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2014: DEP stepped up enforcement of industry with hefty fines

The entrance to the Chevron well pad where a natural gas well exploded in Dunkard Township, Greene County.

Katie Colaneri/StateImpact Pennsylvania

The entrance to the Chevron well pad where a natural gas well exploded in Dunkard Township, Greene County last February killing a worker. DEP has not yet issued a fine. The company blocked DEP inspectors from accessing the site for two days after the incident.

Pennsylvania’s Department of Environmental Protection ended the year with some pretty large lumps of coal for a few misbehaving natural gas drillers. And those penalties contrast sharply with previous years.
In September, the DEP issued a $4.1 million dollar fine against driller Range Resources – the highest penalty it has levied against a driller. The agency then stepped up the price tag in October against driller EQT, announcing plans to seek a $4.5 million dollar penalty. And just this last week state environmental regulators announced a nearly million-dollar fine against the independent driller Vantage Energy for a landslide and illegal waste dumping. A separate $800,000 settlement with Tennessee Gas Pipeline was also announced.
With the exception of a $1 million penalty against Chesapeake Energy in 2011, fines against drillers and other violators tend to be in the thousands, and at most hundreds of thousands of dollars. Even in the high profile case of contamination in the Susquehanna county village of Dimock, Cabot Oil and Gas has paid $259,916 in fines over the course of several years for 473 violations. (Those fines were separate from the multi-million dollar settlement agreement reached between Cabot and DEP in 2010.)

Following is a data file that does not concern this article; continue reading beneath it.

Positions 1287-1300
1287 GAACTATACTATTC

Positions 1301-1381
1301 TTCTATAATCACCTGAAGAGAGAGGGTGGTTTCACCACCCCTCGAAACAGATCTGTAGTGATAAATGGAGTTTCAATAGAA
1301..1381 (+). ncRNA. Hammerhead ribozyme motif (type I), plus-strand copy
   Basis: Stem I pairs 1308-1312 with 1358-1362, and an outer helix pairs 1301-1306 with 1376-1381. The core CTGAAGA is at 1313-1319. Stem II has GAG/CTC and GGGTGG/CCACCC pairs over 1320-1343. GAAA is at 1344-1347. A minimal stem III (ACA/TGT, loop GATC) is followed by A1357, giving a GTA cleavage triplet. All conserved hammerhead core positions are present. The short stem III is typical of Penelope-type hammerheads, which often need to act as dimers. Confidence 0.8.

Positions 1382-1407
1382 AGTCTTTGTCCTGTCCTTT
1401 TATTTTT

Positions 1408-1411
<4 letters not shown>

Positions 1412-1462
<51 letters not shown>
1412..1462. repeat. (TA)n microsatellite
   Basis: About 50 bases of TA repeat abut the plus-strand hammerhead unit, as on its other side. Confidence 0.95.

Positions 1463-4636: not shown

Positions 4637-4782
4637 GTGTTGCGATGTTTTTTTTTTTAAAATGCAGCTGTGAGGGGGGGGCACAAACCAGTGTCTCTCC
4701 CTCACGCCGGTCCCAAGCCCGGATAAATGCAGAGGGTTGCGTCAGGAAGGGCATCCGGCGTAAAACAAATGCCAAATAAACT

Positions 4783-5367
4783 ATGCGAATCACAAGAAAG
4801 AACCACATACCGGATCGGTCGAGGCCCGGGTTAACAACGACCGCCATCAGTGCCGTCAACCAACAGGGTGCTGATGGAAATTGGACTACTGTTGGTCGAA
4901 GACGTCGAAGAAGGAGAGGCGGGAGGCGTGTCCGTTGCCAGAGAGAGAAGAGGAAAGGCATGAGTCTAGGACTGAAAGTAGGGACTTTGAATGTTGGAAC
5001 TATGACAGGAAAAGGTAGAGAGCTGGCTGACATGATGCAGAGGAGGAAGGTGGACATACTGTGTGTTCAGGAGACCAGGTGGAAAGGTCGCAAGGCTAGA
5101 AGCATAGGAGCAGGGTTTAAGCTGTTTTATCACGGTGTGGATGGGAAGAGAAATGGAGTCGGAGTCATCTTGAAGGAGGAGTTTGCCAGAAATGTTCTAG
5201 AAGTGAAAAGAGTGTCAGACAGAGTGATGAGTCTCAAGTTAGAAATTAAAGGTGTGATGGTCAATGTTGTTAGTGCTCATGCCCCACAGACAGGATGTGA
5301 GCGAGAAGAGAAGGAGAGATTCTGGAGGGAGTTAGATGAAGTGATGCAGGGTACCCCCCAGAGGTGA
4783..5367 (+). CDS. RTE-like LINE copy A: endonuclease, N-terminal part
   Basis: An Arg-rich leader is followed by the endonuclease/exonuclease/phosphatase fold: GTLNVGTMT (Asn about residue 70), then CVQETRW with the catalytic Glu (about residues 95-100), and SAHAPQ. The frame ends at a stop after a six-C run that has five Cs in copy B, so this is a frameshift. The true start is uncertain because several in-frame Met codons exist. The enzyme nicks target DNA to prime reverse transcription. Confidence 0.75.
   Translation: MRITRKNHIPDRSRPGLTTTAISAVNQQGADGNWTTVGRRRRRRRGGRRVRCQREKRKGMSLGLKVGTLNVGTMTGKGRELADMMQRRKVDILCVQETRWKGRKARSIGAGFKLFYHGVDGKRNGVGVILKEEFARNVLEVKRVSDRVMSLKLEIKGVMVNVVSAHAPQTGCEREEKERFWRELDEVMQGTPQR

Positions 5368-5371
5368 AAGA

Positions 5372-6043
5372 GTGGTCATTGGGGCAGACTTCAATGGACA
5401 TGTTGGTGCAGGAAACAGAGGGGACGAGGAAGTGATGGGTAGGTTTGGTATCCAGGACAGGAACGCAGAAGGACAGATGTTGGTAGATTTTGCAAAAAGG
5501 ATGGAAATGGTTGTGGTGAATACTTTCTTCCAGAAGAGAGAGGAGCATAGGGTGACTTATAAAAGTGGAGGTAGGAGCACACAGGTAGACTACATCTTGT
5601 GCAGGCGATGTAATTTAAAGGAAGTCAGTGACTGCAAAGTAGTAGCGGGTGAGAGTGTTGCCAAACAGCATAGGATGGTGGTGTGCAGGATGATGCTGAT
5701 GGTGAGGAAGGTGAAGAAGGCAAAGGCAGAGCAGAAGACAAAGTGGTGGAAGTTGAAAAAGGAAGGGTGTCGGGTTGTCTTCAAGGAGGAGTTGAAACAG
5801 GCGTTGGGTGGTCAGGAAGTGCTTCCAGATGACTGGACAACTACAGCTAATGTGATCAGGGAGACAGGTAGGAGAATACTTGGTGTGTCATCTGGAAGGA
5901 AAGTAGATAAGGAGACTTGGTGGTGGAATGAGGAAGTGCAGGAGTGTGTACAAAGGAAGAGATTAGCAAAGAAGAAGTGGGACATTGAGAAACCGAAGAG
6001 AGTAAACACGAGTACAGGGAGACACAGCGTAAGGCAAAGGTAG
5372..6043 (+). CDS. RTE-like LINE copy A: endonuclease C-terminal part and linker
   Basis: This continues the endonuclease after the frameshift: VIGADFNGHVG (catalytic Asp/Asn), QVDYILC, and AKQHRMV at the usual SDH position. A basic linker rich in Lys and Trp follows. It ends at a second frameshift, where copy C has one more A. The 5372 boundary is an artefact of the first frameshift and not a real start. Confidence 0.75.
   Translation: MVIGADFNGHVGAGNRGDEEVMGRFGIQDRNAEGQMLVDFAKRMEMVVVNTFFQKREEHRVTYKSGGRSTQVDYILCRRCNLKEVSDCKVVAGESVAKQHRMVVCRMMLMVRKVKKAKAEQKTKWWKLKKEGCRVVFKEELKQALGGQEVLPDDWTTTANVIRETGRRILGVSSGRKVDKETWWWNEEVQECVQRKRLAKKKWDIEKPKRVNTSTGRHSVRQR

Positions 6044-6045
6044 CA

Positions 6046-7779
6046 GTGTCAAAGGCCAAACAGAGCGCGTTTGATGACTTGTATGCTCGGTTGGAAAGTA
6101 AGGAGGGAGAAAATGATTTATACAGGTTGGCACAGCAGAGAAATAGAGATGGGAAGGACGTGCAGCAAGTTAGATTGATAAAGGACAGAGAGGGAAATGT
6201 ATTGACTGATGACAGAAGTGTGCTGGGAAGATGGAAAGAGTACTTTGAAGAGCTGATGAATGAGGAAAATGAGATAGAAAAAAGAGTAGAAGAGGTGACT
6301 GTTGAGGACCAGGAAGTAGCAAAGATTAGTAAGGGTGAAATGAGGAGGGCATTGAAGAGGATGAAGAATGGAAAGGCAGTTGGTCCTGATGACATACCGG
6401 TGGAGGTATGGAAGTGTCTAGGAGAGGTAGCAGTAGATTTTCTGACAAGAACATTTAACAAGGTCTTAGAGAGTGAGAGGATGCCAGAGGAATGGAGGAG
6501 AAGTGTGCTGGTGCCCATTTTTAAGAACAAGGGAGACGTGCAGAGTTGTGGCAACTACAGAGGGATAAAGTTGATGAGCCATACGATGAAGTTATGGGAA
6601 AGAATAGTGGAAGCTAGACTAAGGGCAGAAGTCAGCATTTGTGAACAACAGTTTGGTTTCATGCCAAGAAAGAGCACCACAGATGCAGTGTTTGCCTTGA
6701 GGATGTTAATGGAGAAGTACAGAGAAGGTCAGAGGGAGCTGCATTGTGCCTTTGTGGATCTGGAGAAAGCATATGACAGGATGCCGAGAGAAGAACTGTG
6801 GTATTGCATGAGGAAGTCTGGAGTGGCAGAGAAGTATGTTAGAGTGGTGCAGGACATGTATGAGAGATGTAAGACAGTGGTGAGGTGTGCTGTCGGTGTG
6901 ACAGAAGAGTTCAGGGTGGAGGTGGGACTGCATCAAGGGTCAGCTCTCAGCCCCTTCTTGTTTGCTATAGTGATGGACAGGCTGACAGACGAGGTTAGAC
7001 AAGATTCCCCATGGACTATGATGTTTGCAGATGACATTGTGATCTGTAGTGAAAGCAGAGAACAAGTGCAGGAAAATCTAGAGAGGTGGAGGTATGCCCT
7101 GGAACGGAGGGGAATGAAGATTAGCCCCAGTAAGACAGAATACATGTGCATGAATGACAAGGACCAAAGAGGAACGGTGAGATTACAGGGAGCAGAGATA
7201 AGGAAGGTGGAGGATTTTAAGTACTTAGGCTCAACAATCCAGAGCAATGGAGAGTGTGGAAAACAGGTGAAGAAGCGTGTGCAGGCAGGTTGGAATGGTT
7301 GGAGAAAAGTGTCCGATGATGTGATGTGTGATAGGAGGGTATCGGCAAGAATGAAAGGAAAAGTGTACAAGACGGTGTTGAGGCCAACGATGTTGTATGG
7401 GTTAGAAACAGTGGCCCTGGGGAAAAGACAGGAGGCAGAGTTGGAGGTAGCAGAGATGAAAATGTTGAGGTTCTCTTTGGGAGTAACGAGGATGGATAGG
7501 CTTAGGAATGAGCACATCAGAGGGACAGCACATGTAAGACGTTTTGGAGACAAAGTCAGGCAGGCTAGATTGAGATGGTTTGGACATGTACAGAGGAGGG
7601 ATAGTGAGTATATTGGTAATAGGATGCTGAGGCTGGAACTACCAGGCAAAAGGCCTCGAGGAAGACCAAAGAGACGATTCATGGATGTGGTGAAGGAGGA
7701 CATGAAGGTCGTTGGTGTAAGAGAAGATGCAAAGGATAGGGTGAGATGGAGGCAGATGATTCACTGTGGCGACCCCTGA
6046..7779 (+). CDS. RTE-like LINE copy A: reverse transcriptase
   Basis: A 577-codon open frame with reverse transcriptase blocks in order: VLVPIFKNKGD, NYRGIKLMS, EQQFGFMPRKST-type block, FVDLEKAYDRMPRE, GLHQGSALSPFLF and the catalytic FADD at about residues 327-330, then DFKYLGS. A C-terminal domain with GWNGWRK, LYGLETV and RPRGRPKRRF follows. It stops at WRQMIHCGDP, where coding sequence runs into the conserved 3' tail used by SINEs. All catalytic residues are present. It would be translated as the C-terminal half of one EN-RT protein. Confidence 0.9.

“DEP was sending people a message,” said Dave Hess, who served as DEP secretary from 2001 to 2003 under the Ridge and Schweiker administrations. “That if they do these kinds of violations, and particularly this week they were flagrant — not having erosion and sedimentation controls in the case of the Tennessee Pipeline, and the landslide case was just, I think, negligence on the part of the people operating that well site.”
Hess says the high fines do have an impact.
“I have no doubt that when these kinds of fines in the millions of dollars are out there, other drillers are saying, ‘Oh. my God. we have to make darn sure we meet those requirements. You don’t want your company to be in the same position these other guys are.”
Hess says when new regulations are put in place, fines and sanctions go up, and then taper off as the industry gets the message. But it takes time to get all the facts in order to issue these large penalties. Some announced this year are for violations in years past. DEP levied a $1.8 million dollar fine against Halliburton in February for repeated oil and gas waste violations that occurred over a 12 year period starting in 1999. And the agency issues a $1.2 million penalty against Vogel Holding for oil and gas waste violations dating back to incidents in 2011.
“There usually is a time lag because you need to get your facts together,” said Hess.  “And it does seem to drag on but you want to make sure you capture all the costs. And it’s also a function of staff time you have available. I’m sure there are others winding through the system right now.”
And Hess says sometimes, the message to violators needs to be renewed after a period of time.
“When the first landfill requirements came into law in the 1980’s there were a lot of town dumps,” said Hess. “And all those town dumps were closed and a new wave of landfill sites with liners and groundwater monitoring came into being and everything was new. There were pages and pages of regulations. And of course there were a lot of violations because people didn’t get it in the beginning. So that tapered off, notices of violations dropped, fines dropped.”
But by the time Hess came to run the department in 2001, enforcement against waste haulers had to be stepped up.
“One of the things we had to do repeatedly, and this is with waste haulers, as we inspected along with Penndot, we had to do it every couple of years. And at one point, we had 60 percent of the waste haulers off the streets in the Pittsburgh area. And that obviously got their attention.”
DEP did not return calls for comment on this story.

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